The Pew Forum on Religion and Public Life has announced that, for the first time in the United States, less than half of us identify as Protestants. The "mainline" has been in decline for some time, but they are not alone; Evangelicals, Fundamentalists, and Pentecostals all have had their numbers decline sharply.
Roman Catholics have held steady. A decrease in American-born Catholics has been offset by immigrant Catholics. The third largest religious group in the US is neither religious nor a group. They are the "nones," people who may or may not believe, but do not claim any religious affiliation.
Some of attributed this sharp growth in disaffiliation with frustration regarding the politicization of spirituality. While causation is hard to ascertain, there is clearly a correlation. Yet while churches have certainly harmed themselves and driven away members by embracing political platforms, powers, and politicians that bear little resemblance to the message that Jesus proclaimed, the problem is deeper than that. Actually, the growing number of religiously unaffiliated people is a symptom of a problem that affects us all, regardless of our faith (or lack thereof).
In "Coming Apart," Charles Murray analyzes the changes among white Americans from 1960 to 2010. (He limits his study to white Americans to demonstrate that the divisions he observes are occurring along class lines, not racial ones.)
Among higher income individuals, there is not a significant decline in religious membership and/or attendance. Lower income whites, on the other hand, are far less likely to attend religious services, marry, delay gratification, or pursue a higher education.
Murray argues that each of these things are important tools in escaping poverty, but that people in upper income brackets don't "preach what they practice," so private charity and public assistance alike lack the leverage that comes with these values.
While I believe it will take more than these "old-fashioned" American values to affect real change, Murray's analysis does lead to some other conclusions:
First, the decrease in American religiosity is tied to the decline of the American middle class. Many of the people who are upset about the record lows in non-affiliation supported the policies that created record highs in income inequality. People in "survival mode" often have little time for church attendance. It could be that the politicization of the church not only pushed people to disaffiliate but it also reduced the number of people in the churches "key demographic."
2. Secondly, even if upper-income church goers "Preaching what they practice," was sufficient to affect social change, it would not matter, because they would be "preaching to the choir." Income and class segregation has led to the phenomena of people making six-figures and considering themselves "middle class." Simply put, rich people and poor people interact less than ever.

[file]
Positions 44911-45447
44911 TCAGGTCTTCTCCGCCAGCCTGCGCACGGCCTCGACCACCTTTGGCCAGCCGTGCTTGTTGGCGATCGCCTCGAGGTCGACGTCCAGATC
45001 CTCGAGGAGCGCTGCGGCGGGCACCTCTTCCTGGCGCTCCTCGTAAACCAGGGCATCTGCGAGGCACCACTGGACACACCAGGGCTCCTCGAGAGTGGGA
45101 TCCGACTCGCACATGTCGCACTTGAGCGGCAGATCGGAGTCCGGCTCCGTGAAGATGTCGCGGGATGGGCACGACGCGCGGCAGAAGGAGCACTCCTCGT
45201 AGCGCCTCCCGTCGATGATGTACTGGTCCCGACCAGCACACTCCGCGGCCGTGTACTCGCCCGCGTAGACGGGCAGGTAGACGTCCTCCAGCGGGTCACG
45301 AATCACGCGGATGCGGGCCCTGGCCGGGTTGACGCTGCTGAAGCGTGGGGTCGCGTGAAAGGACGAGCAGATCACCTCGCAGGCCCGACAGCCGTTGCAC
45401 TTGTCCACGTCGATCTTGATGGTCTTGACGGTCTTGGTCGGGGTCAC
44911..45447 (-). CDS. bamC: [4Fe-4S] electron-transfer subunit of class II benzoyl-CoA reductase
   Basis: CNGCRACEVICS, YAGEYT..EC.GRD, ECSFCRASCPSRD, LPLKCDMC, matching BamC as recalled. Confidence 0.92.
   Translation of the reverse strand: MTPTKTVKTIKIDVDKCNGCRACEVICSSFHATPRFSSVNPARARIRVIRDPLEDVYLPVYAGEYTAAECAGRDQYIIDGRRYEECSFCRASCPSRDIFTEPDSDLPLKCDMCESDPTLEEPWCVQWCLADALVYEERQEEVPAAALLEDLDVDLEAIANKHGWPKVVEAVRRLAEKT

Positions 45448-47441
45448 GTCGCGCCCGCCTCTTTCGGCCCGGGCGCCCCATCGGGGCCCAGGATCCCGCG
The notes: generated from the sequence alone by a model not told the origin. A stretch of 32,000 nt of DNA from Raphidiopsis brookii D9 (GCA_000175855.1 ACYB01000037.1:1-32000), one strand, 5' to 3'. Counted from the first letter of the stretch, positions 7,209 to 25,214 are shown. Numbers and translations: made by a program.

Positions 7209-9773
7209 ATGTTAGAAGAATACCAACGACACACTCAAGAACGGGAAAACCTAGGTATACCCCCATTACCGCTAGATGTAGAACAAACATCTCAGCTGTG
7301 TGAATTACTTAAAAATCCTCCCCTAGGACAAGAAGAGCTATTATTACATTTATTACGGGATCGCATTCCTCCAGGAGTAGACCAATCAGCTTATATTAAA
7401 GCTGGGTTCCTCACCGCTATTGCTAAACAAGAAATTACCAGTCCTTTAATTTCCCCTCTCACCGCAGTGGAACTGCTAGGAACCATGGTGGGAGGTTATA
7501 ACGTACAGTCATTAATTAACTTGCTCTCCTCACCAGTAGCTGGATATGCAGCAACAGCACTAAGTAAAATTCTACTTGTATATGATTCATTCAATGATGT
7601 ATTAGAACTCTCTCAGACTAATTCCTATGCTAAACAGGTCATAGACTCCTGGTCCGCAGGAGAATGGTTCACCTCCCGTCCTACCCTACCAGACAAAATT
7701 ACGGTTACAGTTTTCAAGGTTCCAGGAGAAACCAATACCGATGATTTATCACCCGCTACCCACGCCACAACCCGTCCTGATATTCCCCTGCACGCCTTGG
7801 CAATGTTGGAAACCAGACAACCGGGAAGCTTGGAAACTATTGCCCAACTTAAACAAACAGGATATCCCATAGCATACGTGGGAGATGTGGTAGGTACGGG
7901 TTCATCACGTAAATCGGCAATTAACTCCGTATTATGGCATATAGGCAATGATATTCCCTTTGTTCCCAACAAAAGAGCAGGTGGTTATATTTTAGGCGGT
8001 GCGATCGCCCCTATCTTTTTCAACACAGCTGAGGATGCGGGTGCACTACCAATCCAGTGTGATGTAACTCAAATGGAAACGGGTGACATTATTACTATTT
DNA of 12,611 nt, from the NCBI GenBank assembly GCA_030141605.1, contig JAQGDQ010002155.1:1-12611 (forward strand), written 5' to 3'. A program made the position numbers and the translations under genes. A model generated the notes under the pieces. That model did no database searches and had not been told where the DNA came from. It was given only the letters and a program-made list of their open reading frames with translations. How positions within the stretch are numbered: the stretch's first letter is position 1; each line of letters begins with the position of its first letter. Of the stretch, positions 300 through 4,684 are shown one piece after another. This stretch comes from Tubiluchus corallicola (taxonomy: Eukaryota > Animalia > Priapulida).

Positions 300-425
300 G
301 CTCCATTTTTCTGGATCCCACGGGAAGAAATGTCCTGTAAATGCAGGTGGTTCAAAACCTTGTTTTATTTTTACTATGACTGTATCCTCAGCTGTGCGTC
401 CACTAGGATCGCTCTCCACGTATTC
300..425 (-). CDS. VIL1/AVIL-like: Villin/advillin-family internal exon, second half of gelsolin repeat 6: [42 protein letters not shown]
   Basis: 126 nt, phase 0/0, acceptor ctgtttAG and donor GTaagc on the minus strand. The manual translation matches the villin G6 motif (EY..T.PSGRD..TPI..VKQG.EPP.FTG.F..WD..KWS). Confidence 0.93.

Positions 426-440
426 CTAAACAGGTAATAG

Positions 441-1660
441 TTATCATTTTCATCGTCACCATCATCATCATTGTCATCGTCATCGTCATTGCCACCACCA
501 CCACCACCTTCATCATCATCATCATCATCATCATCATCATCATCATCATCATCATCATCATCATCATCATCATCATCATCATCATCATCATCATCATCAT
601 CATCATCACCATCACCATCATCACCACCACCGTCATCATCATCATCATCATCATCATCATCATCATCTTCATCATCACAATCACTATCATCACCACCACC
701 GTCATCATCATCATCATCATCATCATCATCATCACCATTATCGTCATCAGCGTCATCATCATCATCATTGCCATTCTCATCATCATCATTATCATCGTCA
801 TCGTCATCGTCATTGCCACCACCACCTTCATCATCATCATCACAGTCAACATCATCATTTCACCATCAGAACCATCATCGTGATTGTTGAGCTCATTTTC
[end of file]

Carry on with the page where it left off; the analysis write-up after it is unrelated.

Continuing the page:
Finally, This segregation hurts both communities. Marriage, education, and yes, even church attendance have been demonstrated to contribute to rising incomes and an increase in happiness. Likewise, when wealthier people live apart from poor people, they marginalize themselves, and it takes more and more of their resources to support the institutions they love (not only churches, but also symphonies, parks, museums, universities, etc.) Sometimes, these institutions work harder to appeal to the fewer, wealthier donors, and further alienate themselves from the "customer base." That they will need if they want to expand in a world with fewer and fewer wealthy people.
The first step in reversing this decline in these institutions, both religious and secular, is also the first step in sharing the values that are such an important part of escaping poverty. Rich people and poor people need to interact and grow friendships.
This simple, yet difficult solution is not impossible. This interaction was a point of pride in social clubs like the Elks and the Moose. It once happened naturally in urban areas, and could happen again (depending on the willingness of people like me to get out of our cars and get to know our neighbors). Communities and architecture can be designed to re-introduce populations that have started to live in separate worlds.
[Stop reading here to avoid a shameless plug.]
That's what I love about Lafayette Church, the community I serve. I've seen people who would otherwise never cross paths become friends. Often, one of our mentally ill and living on government assistance members gets a ride home from a retired, middle-class, Republican school teacher.
The Church's logo features a lamppost, and lampposts are what we need today. Public, safe places, where people who may not intrinsically trust one another can meet to grow relationships and trust. Even though a church is a great place for this to start, it certainly doesn't have to happen there. Feel free to plug your own "lamppost" in the comments. In a world paralyzed because it is polarized, we need them more than ever.